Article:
: : --------------------------------------------------------
: : Writing too fast here ----- I said: >>>> underneath the 4th finger while jumping down a fret<<<<<<
: : I meant jumping down a STRING on the same fret, not jumping down the fret.

: well, i think it may be a combination of a couple of those, actually. I do usually stand up while I'm playing, and I sling my bass pretty low. While I can reach pretty much everything, there are a few times when i have to do some wierd bends to play chords. Also, my left hand technique is pretty screwed up. I do usually only use my pinkie, but I noticed I wrap my thumb around the top of the neck, almost touching the E-string, which probably stretches it out badly. I've noticed most other bass players have their thumb in the middle of the neck. Could that be doing it? Today I played a half-hour show at my school, and afterwards my wrist kept hurting and lockign up on me..I wonder if that could be from the same...Could I be getting carpal tunnel from my computer maybe? hahaha...anyway, thanks for the help.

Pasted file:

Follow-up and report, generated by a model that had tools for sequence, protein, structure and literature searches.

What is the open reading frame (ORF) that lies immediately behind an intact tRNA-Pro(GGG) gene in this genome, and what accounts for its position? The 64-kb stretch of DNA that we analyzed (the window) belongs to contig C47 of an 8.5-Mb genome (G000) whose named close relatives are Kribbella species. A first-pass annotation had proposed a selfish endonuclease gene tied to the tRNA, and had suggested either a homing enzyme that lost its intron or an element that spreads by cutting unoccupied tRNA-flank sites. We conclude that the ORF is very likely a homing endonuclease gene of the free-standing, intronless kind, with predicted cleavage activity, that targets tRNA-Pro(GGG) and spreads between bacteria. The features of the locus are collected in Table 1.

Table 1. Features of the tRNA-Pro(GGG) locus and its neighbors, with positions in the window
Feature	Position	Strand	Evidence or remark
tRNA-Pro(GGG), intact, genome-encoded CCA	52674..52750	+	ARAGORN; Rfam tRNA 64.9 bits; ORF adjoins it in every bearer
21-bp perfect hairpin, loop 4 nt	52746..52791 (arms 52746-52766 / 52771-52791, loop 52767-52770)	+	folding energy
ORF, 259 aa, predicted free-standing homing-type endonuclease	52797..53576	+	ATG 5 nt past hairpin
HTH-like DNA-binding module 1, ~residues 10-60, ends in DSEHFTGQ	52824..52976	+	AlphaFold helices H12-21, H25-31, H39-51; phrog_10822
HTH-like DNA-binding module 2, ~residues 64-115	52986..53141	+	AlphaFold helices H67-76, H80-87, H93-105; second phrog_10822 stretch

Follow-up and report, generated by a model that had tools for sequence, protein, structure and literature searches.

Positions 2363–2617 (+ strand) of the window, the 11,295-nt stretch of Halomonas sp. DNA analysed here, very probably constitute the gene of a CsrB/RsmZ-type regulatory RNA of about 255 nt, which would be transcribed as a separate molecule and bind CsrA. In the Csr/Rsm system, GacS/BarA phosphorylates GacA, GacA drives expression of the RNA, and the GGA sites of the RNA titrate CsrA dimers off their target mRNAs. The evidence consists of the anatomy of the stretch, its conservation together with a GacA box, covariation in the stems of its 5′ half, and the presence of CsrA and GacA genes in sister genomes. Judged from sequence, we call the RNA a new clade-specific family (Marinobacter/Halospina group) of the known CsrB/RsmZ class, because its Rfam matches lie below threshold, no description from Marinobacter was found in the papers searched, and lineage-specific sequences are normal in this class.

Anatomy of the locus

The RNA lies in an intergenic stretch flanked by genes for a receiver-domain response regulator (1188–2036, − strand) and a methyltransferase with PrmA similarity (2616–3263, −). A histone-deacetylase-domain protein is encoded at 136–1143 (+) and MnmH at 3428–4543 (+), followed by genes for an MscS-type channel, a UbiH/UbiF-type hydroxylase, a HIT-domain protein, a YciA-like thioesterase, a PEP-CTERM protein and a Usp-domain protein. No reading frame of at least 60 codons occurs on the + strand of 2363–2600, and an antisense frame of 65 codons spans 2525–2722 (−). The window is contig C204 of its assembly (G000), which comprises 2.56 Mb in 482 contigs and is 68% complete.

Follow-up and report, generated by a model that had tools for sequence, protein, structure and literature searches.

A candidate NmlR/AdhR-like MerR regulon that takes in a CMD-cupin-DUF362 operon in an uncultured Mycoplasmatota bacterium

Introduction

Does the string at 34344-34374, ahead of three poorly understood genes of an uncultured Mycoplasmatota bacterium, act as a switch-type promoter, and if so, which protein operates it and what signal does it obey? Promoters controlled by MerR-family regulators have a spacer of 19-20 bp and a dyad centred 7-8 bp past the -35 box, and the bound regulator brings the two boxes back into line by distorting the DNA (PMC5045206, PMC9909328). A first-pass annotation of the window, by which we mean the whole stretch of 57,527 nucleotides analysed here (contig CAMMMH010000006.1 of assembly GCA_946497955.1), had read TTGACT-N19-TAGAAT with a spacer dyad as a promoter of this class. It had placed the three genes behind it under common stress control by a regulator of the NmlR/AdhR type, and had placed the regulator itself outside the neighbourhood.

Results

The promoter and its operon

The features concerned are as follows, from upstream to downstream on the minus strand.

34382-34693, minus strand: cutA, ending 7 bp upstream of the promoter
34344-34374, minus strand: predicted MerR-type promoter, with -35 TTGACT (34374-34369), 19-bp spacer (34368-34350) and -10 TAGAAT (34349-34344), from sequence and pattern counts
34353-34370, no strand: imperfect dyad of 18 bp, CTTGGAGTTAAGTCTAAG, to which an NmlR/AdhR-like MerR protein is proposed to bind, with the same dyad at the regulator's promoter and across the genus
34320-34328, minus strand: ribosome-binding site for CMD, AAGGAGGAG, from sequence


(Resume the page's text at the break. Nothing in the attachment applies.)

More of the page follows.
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2 things causing your trouble for sure: the neck slung low (causing a poor stance with your left wrist), and not putting your thumb in the middle of the neck (and pointing your thumb towards the NUT). It's a wonder you're not in physical therapy by this time. Hold the bass up high on your body, or best (as you shouldn't be holding any more than 6 lbs on that critical left shoulder anyway, there's an important nerve-bundle there that influences your vagus nerve, the major autonomic nerve that helps to automaticly run your heart, lungs, etc. a few little things like that)...any more than 6 lbs, and you're invitiing trouble...I don't care how "manly it looks", or how wide or "supportive" your strap is...weight is weight, SIT DOWN. Look at the Playing Tips page and see the pictures of what your left hand should look like while you're playing...the bass is not a big toy, it's a tough instrument to play and never get hurt on, you need to get your left-hand technique straightened out now, you're too young for all this stuff. At: http://www.carolkaye.com/cpt.htm good luck, Carol Kaye